Raffi the dog pops his fluffy head out the RV window, eager for pets. Judy Dreger shouts a greeting from the kitchen in the back of her van, a 76 Dodge Chinook Sportsman with moss-green siding, where she lives with Raffi and Dexter, a 70-pound Labrador cross.
Dreger doesn’t just live in her van, she’s turning it into her job. Not as a heavily sponsored social media influencer, but as a security guard.
Nightly she pulls into Fennel’s RV Repair in Colwood. She sets out grass welcome mats, water bowls for the dogs and links in to the WiFi to start the cameras recording.
The owner at Fennel’s has contracted Dreger to keep an eye on the lot where a dozen or so RVs are parked for repair. The trade gives her a safe place to sleep and a location to train fellow van-lifers as parking lot security. She’ll show them what activity to look for, how to set up security cameras, how to approach business owners themselves.
She wants to start a business connecting van dwellers with business owners, but for now it’s just her and a couple of friends. Dreger is also a certified security guard during the day, working standard patrol shifts throughout Greater Victoria.
She’s been living in her van since 2018. Fitted with a full bathroom, stove and fridge, everything has its home. Pantry cupboards hold food and an occasional case of blackberry vodka sodas. Clothes and the air fryer (chicken wings are killer) go on the shelf above the large bed, plenty wide for her and the dogs.
And the view! Well, it changes on a whim.
“You’d be foolish to live in a van and not spend a night at the beach. There’s nothing better than sitting at the beach listening to Led Zeppelin and having a beer. Or in my case, I like those Nudes,” she says of the vodka soda beverage. She might stay in Oak Bay and work in Esquimalt, or sleep at the beach in Colwood and work in Sooke.
|Ragamuffin Raffi is due for a haircut, but he's still a pro at fetching balls in the parking lot. (Zoe Ducklow/News Staff)|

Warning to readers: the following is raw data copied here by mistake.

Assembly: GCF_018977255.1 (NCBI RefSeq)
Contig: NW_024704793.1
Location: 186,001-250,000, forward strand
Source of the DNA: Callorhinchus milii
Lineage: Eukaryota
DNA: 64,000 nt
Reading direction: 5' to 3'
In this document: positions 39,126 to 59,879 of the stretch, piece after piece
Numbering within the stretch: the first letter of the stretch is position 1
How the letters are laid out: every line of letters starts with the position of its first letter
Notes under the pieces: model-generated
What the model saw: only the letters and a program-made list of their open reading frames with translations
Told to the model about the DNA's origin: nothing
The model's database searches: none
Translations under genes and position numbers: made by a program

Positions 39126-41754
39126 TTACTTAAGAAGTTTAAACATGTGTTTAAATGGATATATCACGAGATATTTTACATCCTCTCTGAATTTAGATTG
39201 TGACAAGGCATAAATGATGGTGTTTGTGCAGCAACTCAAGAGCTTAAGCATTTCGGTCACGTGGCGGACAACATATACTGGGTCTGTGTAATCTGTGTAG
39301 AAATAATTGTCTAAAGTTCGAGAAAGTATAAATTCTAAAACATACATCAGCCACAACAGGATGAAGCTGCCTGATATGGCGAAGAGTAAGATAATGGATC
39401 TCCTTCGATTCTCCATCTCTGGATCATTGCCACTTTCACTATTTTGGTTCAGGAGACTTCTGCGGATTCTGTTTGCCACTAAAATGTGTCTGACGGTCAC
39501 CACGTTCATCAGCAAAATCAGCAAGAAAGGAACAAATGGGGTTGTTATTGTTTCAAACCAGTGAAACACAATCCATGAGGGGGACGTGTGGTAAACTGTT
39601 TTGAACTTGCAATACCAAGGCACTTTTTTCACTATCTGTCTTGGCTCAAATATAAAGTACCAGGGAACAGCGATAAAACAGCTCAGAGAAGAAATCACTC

Dreger never stays long in any one place. During the day she doesn’t park longer than eight hours, and she won’t sleep in the same place more than two nights in a row.
“You’ve got to have a positive attitude. You cannot be aggressive. You have to be assertive, but not be aggressive,” she says. “Like when someone asks what are you doing? You just tell them, I’m studying, or I’m watching a movie. And then people don’t care. As long as you’re not a regular, they don’t care.”
If anyone doesn’t want her there, she’ll assert her right to stay to a point, but won’t get into a fight over it. Recently at Saxe Point in Esquimalt, security woke her up in the early morning telling her to leave. She was just crashing for the night, but they insisted. Okay, she shrugged, and drove on.
Incidents like that are rare and don’t bother her. Neither does moving to a new spot every day. She prefers the freedom. She has a fixed address in Esquimalt where she could stay, but tends to just stop in for mail.
Between insurance, fuel, oil and maintenance, her van costs $700 to $900 a month. Not a lot cheaper than rent, but it’s not about the money.
“If you don’t like your situation, or just feel like you need to be alone – which is habitual of RV-ing, wanting to be alone – that’s what that is, it’s your own little sanctuary.”
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